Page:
June 11, 1915
Liverpool F.C. spent half an hour with their shareholders last night, and the time was well and quietly spent, and in pleasant contrast to some annual meeting that I have had to attend.
There was no election, and the shareholders attended strictly to business questions until the close, when a shareholder (now resident in Crewe) thought that their club should take not of the Football League Management Committee’s work in connection with the game last season. Thus, the Liverpool Club was the first club to recognise the stupendous work done by that able committee.
The shareholder pointed out that the papers of the South scared people and tried to ruin the sport. He was glad to note that the football writers in the North had adopted a sensible method, and had resisted the claim of the South.
Mr. John McKenna (president of the League), responding to a vote of thanks to the Management Committee of the League for their excellent efforts on behalf of football during the past season, said that Management Committee had had an anxious time, because they had had to fight down a crusade of abuse from start to finish. Had it not been for the determined stand the League Management Committee took, and the support given them by the clubs, there would have been no Cup-ties. He was certain the Management Committee of the League, at their first meeting, would appreciate that vote of thanks and confidence, and he hoped if ever they were called upon to pass through such another trying season that other clubs would take a similar stand (hear, hear).
Mr. John McKenna.
Mr. John Asbury (chairman of the club) made reference to the death of Mr. Tom Watson, manager and secretary of the club. He said that there never was a better secretary, a straighter man, or one in whom directors had more trust.
Mr. John Asbury.
Mr. John McKenna proposed “That the shareholders desire to place on record their deep regret at the death of Mr. Tom Watson, who was for almost nineteen years the highly appreciated and esteemed manager and secretary of the club, and convey to his widow and family their sincere sympathy in their bereavement.” Mr. John McKenna remarked that Mr. Tom Watson was an honest and faithful servant of the club.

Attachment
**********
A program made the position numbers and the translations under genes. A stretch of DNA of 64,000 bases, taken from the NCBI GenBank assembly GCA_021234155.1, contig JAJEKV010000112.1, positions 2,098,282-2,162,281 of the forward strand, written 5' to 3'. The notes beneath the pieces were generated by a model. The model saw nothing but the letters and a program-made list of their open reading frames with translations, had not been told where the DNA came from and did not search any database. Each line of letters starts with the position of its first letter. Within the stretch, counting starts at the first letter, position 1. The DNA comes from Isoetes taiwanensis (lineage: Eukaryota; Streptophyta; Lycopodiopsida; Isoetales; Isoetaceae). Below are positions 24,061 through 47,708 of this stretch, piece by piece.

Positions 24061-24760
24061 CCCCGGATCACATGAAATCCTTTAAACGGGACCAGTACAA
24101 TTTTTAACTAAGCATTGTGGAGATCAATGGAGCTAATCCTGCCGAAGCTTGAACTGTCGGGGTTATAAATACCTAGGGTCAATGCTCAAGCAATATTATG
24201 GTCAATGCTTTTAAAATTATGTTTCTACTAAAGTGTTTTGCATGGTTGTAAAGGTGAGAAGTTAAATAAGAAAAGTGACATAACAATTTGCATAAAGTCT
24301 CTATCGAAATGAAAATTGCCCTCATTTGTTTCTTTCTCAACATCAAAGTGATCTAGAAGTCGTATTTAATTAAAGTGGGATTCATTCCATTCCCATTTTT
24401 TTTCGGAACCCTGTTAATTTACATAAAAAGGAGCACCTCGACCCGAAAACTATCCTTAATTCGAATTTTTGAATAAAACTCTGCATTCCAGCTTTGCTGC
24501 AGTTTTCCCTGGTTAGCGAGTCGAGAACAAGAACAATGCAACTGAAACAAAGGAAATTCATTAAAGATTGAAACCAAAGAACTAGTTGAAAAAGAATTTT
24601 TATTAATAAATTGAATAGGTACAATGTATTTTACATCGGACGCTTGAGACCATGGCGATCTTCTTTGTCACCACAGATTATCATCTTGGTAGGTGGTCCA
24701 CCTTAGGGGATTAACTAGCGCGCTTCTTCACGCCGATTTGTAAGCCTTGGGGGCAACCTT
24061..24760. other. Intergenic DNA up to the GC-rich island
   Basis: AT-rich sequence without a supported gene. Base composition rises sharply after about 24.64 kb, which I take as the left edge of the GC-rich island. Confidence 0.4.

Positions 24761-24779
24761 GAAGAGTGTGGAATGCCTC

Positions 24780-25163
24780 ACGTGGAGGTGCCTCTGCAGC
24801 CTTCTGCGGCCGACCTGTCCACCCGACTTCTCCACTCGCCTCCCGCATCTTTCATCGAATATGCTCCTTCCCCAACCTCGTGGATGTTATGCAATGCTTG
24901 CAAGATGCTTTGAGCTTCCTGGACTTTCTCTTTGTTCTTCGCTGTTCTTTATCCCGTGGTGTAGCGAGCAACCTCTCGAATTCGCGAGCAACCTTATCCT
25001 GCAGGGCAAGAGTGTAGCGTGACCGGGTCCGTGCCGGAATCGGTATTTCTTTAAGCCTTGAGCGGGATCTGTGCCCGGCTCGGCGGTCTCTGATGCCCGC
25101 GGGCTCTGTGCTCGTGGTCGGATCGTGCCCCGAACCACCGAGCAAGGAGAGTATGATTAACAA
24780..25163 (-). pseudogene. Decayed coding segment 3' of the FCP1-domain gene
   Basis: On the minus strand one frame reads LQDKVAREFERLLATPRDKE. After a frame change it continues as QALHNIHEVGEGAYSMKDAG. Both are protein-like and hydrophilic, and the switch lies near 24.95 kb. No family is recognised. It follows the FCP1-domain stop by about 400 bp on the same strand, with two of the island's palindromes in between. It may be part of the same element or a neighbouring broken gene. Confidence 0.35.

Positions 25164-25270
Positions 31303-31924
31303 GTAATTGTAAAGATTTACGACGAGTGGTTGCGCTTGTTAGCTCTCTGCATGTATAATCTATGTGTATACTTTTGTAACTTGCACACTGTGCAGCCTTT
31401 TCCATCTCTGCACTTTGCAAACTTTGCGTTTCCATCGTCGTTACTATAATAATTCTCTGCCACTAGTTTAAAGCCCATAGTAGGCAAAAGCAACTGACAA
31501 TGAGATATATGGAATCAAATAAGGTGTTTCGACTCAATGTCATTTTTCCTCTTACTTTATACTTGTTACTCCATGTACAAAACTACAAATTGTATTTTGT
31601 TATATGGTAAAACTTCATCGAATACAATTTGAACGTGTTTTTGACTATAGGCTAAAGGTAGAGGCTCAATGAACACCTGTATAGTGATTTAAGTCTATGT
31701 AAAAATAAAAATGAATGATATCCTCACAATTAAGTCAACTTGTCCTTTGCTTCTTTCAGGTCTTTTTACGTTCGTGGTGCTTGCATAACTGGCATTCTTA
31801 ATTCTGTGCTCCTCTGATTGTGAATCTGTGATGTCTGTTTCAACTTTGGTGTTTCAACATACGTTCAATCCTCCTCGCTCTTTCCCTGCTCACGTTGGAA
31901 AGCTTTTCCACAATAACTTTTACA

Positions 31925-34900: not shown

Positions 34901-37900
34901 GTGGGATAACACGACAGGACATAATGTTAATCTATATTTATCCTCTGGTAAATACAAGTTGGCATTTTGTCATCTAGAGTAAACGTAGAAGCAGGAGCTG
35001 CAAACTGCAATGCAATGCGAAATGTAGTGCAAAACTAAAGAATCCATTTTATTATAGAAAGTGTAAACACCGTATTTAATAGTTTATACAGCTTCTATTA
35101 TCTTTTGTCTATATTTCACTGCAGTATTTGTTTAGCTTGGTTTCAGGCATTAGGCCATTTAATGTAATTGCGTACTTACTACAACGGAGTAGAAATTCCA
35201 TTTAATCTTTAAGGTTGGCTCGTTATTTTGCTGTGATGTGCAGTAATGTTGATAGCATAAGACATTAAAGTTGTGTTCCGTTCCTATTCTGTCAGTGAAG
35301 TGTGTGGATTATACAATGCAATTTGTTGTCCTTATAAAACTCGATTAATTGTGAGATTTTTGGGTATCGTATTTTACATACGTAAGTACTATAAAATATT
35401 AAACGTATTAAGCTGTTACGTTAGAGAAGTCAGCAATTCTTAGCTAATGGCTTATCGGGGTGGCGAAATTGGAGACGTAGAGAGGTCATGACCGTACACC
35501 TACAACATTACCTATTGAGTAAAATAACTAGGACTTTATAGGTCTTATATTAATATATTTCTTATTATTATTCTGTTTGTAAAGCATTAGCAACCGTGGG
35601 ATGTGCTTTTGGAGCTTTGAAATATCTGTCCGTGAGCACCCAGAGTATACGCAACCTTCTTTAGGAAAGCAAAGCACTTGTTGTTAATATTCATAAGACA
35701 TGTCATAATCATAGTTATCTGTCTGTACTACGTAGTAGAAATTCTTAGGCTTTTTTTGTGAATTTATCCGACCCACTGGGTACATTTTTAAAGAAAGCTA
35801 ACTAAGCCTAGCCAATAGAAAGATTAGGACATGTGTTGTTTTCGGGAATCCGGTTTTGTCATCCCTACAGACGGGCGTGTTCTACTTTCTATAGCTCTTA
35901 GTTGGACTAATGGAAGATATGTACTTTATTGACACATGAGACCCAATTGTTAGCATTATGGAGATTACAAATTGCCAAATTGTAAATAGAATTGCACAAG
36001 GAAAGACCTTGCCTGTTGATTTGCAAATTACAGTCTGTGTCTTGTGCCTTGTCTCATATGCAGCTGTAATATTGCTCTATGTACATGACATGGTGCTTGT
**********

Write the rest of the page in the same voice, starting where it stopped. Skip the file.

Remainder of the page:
The late Mr. Tom Watson.
Mr. Samuel Hayes, who seconded, said no secretary throughout the length and breadth of the country has done more for a club than Mr. Tom Watson did for Liverpool.
The resolution was carried in silence, all present standing.
The Chairman, in proposing the adoption of the report and accounts, said the past season had been a very strenuous one. Their “gates” had been very considerably reduced through the war. They had thought that football was necessary because everyone was not eligible to go to the front, and that there ought to be some amusement to occupy the time and thoughts of those not able to go to front.
As regards football for the future, his hearers probably knew as much as he did about the matter. They would have to wait until next month for the meeting of the Association and the League before they knew whether football would be played during next season. Certainly as appearances now were, football would not be carried on, but should anything sudden intervene on the Continent to cause a collapse of the war, there would be football.
During the past season, knowing that the income would be reduced, they did not go in for high-priced players. Money was also saved by the directors refraining from doing a lot of travelling in looking for players. The directors had economised wherever they could, otherwise they would not have been able to show such good financial results.
Mr. John James Ramsay seconded the motion, and after a discussion upon details in the accounts the report and balance-sheet were adopted.
On the proposition of Mr. William Robert Williams, authority was given for payment of a dividend at the rate of 5 per cent. per annum on the paid-up capital, upon a date to be fixed in the discretion of the directors.
Messrs. Simon Jude and West were re-elected auditors.
Messrs. William Coward Briggs, John Keating, and Albert Worgan were reappointed directors.
Mr. Asbury publicly acknowledged the work of the directors and their “support to the chair,” and William Robert Williams gave some interesting, though not new, news regarding the dividend. Altogether it was a most happy and successful meeting, and shows how well-wedded the Liverpool Club is.
(Liverpool Echo: June 12, 1915)